Some suggestions

Though embedded system itself is a specialisation, the industry expects you to have super specialisations within the field like embedded ‘C’ programming, exploring controller-specific features under embedded ‘C,’ RTOS porting and application development, and special networking protocols along with the fundamentals. In addition, there are certain other skills which are categorised as ‘must-haves.’ Knowledge of ‘C’ programming and operating system concepts, and exposure to microcontrollers and basic electronics are typical examples.

In addition to the basic electronics that I discussed in the microcontrollers article last month, knowledge of KEIL compiler and designing concept (both analogue and digital) would be an advantage for any aspiring candidate.

From my interaction with different industry spokespersons, I inferred that communication gap among team members could create a roadblock in any given project. A lot of it has to do with the specific jargon used by the different groups such as the software engineers and the hardware engineers; both also find it difficult to communicate with application domain experts. To avoid this hazard, your employer may want to judge your overall knowledge base and communication skills at the interview table. The necessary foundations of both the hardware building blocks and the software tools are equally important to learn as you embark on your journey.

Additionally, try to understand the basics of any one of the representative application domains of your choice so that, in future, you can take up the challenge of embedded system development in any application area.

How to begin?

From an application perspective, knowledge of embedded ‘C,’ processor cores, communication protocols like SPI and i2c, network protocols, interfacing with analogue and digital signals, and RTOS is invaluable for those who will design and develop embedded systems.
—Sanjay Mittal, director, Yogasa Systems

The best way of starting work on embedded systems is to work on the evaluation boards of popular micro-controllers or processors. Understand the system. Then try to write the software that works on these boards. In due course you can reveal the architecture of the system as well as the utilisation of software tools. Even if you do not have access to an evaluation board, you can get preliminary idea of embedded software development by experimenting with the code on any desktop computer. After gaining the necessary knowledge of the hardware to write the firmware, you will be in a position to be a member of any embedded system project team.

The first and foremost thing you need to know is the categorisation of embedded systems based on their functionality. All embedded systems may be bucketed under some broad categories like standalone system, real-time systems, network information appliances and mobile devices. Each of them is unique with respect to inputs, outputs and custom-built hardware architecture. Some exposure to different architectures (advantages and philosophy) and their comparative study (RISC vs CISC) are must. Try to deal with the building blocks of the hardware like processors, RAMs, ROMs, clock circuitry to generate clock signal, input/output devices, sensors and transducers, ADCs and DACs, DMA controllers, timers and power supply units.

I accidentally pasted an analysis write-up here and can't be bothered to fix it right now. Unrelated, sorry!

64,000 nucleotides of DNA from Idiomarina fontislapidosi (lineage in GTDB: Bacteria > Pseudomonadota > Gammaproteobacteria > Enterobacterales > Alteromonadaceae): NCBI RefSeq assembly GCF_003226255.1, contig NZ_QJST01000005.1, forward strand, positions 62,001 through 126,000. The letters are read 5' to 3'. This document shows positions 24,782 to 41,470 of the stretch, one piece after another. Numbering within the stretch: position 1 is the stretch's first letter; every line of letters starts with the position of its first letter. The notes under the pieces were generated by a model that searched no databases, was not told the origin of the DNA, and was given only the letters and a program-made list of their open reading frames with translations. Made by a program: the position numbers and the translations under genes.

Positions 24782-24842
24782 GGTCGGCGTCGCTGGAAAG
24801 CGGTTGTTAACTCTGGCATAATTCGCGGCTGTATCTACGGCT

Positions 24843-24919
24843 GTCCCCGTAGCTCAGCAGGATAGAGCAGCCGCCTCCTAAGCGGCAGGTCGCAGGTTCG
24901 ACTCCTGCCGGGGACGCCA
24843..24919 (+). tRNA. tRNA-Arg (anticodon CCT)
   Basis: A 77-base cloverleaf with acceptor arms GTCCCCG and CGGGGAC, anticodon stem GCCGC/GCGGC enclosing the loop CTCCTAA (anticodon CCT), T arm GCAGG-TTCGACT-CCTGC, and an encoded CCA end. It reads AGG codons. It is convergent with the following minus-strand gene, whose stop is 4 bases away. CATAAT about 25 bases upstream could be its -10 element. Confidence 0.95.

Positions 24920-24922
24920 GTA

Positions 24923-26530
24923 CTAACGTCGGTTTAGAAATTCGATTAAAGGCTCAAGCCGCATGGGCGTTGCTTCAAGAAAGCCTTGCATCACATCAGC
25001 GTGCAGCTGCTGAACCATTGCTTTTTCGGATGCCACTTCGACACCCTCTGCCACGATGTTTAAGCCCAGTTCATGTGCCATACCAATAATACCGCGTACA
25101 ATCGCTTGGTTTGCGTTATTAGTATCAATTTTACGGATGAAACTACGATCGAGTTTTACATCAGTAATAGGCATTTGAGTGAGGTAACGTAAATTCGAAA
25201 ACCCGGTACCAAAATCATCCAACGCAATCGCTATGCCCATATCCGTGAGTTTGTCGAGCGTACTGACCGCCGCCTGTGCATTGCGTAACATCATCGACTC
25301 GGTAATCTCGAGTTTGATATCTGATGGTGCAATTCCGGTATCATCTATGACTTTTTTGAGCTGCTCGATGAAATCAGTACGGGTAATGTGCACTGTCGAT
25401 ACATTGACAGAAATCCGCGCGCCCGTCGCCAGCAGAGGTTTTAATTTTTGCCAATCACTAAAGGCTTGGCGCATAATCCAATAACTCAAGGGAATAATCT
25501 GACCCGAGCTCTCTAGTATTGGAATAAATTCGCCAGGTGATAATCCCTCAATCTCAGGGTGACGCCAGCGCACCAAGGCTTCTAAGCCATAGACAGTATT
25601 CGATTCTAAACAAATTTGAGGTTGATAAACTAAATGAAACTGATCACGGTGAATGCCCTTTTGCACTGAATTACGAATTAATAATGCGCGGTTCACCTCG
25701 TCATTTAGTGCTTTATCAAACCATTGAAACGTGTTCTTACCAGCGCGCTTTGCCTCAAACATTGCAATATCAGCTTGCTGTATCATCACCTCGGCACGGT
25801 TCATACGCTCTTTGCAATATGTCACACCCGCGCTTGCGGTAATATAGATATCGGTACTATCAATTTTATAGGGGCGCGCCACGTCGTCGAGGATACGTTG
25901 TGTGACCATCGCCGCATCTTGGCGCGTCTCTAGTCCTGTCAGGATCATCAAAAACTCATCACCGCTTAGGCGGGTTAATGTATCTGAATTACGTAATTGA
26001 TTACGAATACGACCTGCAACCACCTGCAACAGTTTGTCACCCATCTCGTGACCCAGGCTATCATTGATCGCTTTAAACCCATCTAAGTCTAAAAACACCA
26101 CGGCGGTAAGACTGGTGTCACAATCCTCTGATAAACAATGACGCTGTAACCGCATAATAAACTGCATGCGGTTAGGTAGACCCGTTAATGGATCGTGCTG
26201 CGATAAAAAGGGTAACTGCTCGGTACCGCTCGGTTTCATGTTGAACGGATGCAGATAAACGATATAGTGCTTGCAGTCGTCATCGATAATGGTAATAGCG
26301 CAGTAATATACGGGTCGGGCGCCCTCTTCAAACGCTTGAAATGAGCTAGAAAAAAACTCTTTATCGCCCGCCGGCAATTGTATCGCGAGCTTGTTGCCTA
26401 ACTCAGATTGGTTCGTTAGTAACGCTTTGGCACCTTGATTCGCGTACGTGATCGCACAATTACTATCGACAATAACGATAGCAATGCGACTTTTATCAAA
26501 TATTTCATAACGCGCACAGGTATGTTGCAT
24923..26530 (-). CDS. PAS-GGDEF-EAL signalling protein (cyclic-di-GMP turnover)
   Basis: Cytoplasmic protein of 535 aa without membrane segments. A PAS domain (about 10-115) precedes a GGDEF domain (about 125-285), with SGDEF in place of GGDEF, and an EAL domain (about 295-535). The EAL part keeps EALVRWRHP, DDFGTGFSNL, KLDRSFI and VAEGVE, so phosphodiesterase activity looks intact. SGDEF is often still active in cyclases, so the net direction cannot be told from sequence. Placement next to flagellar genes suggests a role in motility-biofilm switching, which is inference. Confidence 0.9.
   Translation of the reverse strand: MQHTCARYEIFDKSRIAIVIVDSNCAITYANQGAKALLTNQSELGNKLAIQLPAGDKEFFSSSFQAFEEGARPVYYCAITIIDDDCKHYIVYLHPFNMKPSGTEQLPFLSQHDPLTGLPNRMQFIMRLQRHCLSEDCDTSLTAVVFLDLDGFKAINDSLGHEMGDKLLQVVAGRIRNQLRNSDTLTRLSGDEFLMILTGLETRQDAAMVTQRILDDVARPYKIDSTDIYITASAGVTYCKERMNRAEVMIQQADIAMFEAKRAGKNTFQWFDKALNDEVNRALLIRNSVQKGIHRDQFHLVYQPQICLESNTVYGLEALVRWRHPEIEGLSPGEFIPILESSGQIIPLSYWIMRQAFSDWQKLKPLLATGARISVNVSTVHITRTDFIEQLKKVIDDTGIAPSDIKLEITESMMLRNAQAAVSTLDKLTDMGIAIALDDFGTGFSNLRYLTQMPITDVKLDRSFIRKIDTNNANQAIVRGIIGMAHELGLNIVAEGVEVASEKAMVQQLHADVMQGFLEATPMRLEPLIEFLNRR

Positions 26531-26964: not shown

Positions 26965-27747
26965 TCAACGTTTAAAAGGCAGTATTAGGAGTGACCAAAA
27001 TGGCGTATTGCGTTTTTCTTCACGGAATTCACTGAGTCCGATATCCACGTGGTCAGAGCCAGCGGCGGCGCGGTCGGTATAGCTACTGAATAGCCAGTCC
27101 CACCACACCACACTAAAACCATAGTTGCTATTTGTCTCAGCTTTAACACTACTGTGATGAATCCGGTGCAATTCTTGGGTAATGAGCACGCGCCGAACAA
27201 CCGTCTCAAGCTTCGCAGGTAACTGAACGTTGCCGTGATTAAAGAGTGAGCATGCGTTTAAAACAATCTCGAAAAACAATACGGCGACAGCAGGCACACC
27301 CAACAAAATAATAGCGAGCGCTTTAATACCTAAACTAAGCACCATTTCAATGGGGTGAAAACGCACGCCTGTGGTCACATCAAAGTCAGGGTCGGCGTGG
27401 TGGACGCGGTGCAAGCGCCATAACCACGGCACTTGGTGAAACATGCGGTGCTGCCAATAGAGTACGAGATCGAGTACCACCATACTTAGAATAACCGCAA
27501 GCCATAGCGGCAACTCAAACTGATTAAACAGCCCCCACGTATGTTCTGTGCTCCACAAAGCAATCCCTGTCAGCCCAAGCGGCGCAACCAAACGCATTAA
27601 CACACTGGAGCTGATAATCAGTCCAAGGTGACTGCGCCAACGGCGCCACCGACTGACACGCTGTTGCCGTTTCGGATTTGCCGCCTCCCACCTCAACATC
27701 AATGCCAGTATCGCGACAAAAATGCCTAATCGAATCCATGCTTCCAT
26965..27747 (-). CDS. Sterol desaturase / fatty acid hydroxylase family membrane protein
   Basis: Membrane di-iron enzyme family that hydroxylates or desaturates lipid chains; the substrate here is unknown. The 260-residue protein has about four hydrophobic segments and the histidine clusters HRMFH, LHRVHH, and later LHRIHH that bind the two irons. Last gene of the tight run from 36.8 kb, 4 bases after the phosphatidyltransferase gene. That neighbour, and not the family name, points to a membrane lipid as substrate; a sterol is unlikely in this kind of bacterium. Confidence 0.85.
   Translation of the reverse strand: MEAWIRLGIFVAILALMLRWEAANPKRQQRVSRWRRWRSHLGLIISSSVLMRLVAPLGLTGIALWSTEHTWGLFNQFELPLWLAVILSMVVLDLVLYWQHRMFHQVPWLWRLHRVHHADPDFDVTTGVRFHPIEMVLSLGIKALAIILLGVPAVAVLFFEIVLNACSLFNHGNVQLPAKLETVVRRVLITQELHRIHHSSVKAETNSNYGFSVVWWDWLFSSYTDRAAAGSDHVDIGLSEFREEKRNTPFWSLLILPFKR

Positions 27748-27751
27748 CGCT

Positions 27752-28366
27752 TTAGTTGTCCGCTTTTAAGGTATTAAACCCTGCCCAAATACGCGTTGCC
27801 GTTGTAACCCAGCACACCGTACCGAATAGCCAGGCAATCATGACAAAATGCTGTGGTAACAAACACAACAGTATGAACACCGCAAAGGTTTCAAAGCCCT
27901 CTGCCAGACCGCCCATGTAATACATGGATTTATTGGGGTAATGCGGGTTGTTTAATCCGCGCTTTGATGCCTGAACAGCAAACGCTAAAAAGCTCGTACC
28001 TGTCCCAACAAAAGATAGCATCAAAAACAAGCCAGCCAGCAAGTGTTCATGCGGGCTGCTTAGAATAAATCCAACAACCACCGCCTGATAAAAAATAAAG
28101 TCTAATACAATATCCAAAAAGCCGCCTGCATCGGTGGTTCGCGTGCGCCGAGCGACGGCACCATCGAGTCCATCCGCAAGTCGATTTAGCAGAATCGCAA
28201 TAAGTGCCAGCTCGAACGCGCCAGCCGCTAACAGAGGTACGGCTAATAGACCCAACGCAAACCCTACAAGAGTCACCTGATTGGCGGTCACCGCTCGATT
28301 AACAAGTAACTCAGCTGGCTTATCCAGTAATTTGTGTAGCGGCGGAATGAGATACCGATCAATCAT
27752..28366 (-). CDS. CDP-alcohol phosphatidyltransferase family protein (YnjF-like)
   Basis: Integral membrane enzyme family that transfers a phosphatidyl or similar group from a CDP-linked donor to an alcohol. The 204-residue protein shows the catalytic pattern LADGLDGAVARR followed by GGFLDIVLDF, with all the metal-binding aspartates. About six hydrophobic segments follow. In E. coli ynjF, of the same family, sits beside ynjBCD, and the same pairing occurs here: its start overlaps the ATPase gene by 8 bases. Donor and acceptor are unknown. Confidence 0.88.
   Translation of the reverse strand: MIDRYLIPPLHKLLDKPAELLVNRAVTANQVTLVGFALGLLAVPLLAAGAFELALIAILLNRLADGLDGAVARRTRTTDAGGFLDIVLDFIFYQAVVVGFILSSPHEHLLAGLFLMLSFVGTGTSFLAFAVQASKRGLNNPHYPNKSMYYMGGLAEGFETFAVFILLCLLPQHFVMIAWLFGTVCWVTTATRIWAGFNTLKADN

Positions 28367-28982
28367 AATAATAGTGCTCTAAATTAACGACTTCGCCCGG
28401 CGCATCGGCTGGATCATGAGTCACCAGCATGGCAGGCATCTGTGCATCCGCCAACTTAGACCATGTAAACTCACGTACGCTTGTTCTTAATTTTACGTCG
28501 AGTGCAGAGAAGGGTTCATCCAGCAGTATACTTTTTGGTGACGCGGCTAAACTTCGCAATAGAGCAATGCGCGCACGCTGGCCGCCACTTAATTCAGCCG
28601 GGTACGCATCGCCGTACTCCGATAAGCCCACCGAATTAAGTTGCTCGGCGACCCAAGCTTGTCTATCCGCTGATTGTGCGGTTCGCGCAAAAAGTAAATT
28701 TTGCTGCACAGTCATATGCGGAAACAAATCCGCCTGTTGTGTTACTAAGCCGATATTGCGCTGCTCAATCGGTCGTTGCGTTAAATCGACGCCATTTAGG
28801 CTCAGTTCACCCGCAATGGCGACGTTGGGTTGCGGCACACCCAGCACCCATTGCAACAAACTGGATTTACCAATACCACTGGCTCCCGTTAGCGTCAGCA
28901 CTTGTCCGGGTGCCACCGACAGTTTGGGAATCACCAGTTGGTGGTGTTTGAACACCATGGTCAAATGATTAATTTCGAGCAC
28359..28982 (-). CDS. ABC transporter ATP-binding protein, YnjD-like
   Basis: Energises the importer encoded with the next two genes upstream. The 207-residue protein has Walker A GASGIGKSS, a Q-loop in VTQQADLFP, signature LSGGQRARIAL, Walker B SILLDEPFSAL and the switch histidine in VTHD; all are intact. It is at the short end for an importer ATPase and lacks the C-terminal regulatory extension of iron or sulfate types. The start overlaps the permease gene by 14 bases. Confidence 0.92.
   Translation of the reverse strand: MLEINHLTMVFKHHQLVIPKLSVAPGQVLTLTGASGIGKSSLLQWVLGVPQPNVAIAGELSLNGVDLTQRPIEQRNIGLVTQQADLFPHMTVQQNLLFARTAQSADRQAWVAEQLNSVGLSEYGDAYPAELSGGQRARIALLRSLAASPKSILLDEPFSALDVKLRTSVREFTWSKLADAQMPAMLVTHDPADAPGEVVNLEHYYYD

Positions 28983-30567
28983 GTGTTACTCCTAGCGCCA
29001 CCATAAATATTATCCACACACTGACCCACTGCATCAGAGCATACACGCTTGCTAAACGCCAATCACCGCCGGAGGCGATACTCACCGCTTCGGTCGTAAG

Now you have to make the embedded system communicate with the external world. Always keep in mind that embedded software development involves cross-platform development as the software is initially developed on a host system and then the executable image is transferred to the target system. The know-how of board details and specifications and other hardware tools (digital multimeters, logic analysers and oscilloscopes), system clock and fuse bits, Linux and various distributions, operating system development suite (API calls), cross-platform development tools (overall GNU Project), Free Software Foundation (FSF) philosophy, ROM emulator, EPROM programmer, etc may be turnkey for this purpose.

Learn now to make the system work. At this point of execution, you have to write a program for the embedded system. As compared to writing application software, writing embedded software is a different ball-game. You need to manipulate at bit level and use operands, operations, comments and mnemonics to carry out specific functionalities such as remote control. In this process, you may get acquainted with a number of productivity tools (makefiles), debuggers (gdb and kgdb) and profilers (gprof) of industrial importance.

What’s next?

While dealing with the instruction set, try to customise yourself for the industry. Sharpen your skill sets by learning to use Gedit as a programmers editor, work with ‘make’ files and configure Gtkterm for serial data handling (UART) and understanding the AVR instruction set, embedded ‘C’ programming, variable scopes, qualifiers (volatile) and modifiers, program structures, pre-processor directives and determination of endianness (byte/bit ordering) of processors. Implementation knowledge of basic data structures like stacks and queues using above concepts may provide you an extra edge.

The instruction set is ready—what’s next? Let’s explore controller-specific features under the programming environment. At this point you need to know the aspects related to configuring ports and controlling their status. You have to assimilate memory and device interfacing, reading and writing EPROM as well as use of supported communication protocols and network protocols like SPI and i2c to get control over the system.

Try to dig a little deeper. Approach the critical parameters like interrupts, timers and boot loader in a realistic way, which I had already explained last month.


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